I feel like I could write a whole paper on this topic, but I think if one has a greater sense of blues and jazz music and its features, one is able to grasp the racial, political, and socio-cultural implications present in America, especially the way in which its citizens have navigated such an environment. Jazz, especially, allowed musicians and listeners of various socio-economic classes to come together. Jazz bands were rarely integrated in formal theater settings during the 1930s and 1940s; however, blacks and whites still frequently played jazz together, especially in afterhours jam sessions. Jazz functioned as the great integrator and unifier not only in style but also in terms of how it brought (and continues to) bring folks together.
What does it mean to be a blueswoman in a “Man’s World” as James Brown says?
I can only speak from my limited experience. I play guitar, so I think my experience is different than if I just sang or played bass for that matter. So… I guess I am more of a “blues guitar woman” than a “blueswoman” in that sense. The only way I can accurately describe my experience it is to use Rodney Dangerfield’s famous line: “I don’t get no respect.” I even had someone tell that I need to work twice as hard because I’m a female musician. With a few exceptions, being a blues guitar woman means that I always have to bring my A game and that I have to have thick skin to put up with lots of different personalities, sexism, and delusion. It’s fair to say I am almost always trying to prove myself. I’m often not taken seriously enough and people usually have low expectations for my abilities. If I exceed those expectations, lookout! Be prepared to be thrown into some cutting heads contests and volume battles, haha. That sounds extreme, but it is often the truth, at least based on what I’ve been through so far. There are some great souls out there who don’t subscribe to any of that, but I think a majority of people do unfortunately.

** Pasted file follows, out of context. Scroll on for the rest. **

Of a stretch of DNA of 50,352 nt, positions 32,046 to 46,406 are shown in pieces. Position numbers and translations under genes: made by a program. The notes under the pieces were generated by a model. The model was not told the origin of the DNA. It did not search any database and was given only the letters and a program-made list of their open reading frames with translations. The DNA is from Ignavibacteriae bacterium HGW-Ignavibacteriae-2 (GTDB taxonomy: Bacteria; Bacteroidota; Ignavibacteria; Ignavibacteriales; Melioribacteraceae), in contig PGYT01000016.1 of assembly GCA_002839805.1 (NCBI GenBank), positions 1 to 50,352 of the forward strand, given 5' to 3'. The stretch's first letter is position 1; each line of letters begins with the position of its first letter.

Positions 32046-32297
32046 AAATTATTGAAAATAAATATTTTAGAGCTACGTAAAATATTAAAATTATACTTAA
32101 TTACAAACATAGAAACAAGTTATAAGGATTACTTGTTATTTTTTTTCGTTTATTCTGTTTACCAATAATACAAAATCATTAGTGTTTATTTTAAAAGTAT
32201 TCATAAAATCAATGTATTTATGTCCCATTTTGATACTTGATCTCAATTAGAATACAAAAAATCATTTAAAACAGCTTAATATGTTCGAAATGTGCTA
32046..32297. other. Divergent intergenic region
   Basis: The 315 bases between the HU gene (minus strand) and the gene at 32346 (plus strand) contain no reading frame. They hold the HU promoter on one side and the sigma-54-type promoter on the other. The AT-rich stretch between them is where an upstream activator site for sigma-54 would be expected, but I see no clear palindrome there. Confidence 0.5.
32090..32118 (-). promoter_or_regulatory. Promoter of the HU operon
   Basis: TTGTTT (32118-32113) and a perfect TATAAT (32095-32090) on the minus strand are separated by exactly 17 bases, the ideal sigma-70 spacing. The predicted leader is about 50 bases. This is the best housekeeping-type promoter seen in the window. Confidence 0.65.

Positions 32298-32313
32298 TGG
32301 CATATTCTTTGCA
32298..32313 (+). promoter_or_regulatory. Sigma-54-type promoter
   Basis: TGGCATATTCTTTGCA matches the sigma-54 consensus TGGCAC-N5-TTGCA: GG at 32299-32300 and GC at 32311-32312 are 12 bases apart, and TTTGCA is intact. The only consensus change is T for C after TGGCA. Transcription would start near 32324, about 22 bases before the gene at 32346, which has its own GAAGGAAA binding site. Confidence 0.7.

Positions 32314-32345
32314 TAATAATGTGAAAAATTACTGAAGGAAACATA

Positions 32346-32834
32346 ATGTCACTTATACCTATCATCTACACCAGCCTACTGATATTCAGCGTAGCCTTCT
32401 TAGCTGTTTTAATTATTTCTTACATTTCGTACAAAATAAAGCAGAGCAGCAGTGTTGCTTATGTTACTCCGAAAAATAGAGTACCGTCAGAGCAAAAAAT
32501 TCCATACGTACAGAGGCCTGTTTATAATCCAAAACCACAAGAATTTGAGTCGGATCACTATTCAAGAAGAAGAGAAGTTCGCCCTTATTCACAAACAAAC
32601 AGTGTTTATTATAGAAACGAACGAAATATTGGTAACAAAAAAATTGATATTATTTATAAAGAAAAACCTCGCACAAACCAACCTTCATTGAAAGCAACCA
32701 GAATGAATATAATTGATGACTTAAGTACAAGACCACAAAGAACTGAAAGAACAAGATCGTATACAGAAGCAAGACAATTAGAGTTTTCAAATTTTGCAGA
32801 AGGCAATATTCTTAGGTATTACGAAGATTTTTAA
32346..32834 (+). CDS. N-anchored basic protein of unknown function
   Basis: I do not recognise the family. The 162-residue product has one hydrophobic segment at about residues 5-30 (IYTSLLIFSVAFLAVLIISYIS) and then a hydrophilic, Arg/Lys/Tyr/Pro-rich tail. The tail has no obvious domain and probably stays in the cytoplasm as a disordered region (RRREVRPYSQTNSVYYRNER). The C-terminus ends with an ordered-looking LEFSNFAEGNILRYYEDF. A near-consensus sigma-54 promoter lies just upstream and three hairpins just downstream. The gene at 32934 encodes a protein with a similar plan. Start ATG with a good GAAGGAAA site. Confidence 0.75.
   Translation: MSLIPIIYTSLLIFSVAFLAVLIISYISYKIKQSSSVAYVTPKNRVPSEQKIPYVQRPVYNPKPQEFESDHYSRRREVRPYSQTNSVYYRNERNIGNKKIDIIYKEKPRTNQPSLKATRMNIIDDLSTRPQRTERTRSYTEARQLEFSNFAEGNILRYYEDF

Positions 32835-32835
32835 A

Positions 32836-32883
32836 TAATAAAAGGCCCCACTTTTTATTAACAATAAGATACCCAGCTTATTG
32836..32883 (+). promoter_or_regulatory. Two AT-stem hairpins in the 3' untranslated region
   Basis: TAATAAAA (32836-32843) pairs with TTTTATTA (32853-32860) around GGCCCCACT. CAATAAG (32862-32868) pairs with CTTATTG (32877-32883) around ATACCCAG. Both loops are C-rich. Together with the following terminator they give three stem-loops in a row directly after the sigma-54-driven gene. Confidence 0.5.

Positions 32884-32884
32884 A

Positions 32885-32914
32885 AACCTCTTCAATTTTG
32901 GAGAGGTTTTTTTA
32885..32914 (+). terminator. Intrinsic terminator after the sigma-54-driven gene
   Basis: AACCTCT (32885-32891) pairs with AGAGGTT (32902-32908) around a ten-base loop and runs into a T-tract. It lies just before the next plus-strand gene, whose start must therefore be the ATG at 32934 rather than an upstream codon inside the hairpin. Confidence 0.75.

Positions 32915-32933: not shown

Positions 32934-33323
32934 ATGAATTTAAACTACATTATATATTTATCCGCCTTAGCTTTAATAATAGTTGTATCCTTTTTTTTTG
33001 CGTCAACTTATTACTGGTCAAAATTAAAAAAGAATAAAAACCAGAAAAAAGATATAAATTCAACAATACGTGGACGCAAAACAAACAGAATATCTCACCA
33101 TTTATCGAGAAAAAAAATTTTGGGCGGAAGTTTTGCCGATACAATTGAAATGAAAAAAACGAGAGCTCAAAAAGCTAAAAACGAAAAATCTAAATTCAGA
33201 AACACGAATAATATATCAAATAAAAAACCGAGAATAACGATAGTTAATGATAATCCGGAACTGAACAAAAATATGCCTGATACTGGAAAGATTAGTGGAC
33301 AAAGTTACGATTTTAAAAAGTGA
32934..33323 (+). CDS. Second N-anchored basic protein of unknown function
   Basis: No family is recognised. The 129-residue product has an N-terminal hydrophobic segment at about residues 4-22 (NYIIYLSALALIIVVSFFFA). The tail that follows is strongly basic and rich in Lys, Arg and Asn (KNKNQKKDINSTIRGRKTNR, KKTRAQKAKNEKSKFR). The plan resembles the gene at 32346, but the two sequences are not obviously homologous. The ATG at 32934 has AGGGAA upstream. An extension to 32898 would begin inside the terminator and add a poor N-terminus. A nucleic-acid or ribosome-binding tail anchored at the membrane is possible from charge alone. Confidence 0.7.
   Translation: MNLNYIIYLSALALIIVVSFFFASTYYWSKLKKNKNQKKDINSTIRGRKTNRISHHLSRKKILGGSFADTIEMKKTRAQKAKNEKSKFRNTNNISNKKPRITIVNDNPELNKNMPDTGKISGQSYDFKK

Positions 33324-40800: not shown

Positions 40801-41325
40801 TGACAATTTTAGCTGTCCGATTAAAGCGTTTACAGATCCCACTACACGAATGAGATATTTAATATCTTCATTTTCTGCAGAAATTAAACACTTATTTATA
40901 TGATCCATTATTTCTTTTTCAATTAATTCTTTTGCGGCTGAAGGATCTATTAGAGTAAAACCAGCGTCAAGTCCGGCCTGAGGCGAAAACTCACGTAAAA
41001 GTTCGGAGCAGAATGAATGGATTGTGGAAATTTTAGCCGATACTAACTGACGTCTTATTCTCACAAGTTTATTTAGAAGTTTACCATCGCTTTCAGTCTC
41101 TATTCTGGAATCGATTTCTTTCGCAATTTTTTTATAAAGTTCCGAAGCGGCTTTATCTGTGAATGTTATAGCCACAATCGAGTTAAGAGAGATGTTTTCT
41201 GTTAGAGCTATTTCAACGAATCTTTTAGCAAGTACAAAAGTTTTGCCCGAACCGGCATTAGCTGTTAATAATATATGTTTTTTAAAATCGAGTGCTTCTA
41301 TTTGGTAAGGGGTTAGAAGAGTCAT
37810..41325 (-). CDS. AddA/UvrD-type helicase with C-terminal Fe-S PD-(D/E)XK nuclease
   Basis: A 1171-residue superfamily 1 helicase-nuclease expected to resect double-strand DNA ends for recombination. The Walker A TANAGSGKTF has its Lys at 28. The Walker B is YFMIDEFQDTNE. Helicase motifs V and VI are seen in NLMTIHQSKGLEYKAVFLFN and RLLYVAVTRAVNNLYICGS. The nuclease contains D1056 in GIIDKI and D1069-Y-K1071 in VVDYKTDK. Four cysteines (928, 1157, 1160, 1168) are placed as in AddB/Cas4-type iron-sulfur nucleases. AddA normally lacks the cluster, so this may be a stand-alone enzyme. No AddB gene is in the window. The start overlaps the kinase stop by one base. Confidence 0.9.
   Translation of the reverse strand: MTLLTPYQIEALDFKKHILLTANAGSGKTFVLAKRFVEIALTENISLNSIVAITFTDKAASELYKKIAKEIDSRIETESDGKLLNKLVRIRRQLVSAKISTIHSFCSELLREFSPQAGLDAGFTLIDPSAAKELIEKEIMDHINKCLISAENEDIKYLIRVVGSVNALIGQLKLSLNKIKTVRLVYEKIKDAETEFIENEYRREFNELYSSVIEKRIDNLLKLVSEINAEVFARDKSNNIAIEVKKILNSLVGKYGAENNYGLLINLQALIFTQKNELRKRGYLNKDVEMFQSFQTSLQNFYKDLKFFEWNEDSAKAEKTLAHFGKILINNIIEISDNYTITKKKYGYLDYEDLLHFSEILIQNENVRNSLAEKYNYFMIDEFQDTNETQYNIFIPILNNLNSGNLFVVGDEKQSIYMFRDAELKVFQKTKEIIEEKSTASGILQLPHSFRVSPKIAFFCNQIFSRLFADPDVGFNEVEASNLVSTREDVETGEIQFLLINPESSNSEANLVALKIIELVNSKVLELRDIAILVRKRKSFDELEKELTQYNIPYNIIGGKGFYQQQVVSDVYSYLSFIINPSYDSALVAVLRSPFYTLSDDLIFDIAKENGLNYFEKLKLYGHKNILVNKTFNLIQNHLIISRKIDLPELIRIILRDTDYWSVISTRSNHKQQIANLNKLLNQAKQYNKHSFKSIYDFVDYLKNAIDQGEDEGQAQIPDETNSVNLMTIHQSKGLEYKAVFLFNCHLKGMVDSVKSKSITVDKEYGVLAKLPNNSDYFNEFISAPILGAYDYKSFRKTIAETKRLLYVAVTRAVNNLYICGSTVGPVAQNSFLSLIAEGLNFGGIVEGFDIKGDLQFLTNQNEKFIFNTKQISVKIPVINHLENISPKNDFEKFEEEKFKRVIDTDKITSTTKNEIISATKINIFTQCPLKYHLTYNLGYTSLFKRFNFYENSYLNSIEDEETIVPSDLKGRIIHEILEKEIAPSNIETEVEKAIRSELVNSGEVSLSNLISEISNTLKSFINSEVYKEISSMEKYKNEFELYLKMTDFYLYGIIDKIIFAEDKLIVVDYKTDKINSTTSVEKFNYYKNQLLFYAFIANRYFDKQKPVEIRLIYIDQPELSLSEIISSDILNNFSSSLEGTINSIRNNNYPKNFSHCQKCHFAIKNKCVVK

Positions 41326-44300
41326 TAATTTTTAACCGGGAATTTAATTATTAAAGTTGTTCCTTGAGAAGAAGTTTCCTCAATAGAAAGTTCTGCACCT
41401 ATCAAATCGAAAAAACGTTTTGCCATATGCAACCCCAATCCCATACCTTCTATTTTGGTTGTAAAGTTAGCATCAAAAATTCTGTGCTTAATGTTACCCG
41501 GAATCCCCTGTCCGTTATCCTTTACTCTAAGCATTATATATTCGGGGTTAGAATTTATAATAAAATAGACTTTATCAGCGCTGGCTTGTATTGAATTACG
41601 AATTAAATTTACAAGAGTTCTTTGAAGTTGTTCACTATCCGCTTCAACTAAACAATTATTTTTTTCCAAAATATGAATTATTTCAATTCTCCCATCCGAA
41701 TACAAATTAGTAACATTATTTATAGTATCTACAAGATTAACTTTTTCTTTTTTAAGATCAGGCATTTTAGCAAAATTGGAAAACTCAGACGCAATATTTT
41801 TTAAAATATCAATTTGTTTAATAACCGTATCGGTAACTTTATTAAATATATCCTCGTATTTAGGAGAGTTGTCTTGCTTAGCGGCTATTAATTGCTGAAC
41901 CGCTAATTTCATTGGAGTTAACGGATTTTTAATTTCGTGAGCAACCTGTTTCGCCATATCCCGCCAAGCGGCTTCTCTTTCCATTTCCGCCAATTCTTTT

Make an account for current realities of the case of the blues in Illinois and Michigan. What are the differences?
This is a loaded question. No matter what I say, I think there will be someone that would disagree with me. So, I don’t know how accurately I can speak about this since I don’t play around a lot, but I think both Illinois and Michigan have closely knit blues communities. I think Michigan’s scene tends to incorporate a lot of different styles into their blues such as soul and swing. I think there seems to be more horns and the use of upright basses. I think Illinois’ scene tends to be more electric and it leans towards one style. I think most bands are either three-pieces or four pieces. But… It’s impossible to define each place though. There are so many variables.
Let’s take a trip with a time machine, so where and why would you really wanna go for a whole day..?
What a great question! I would love to be around Chicago during the 1950s. I’d love to be able to witness the recording sessions of the great Chess artists and go to some of the clubs and watch them play later that evening. I’d probably like to meet Howlin’ Wolf more than anyone else.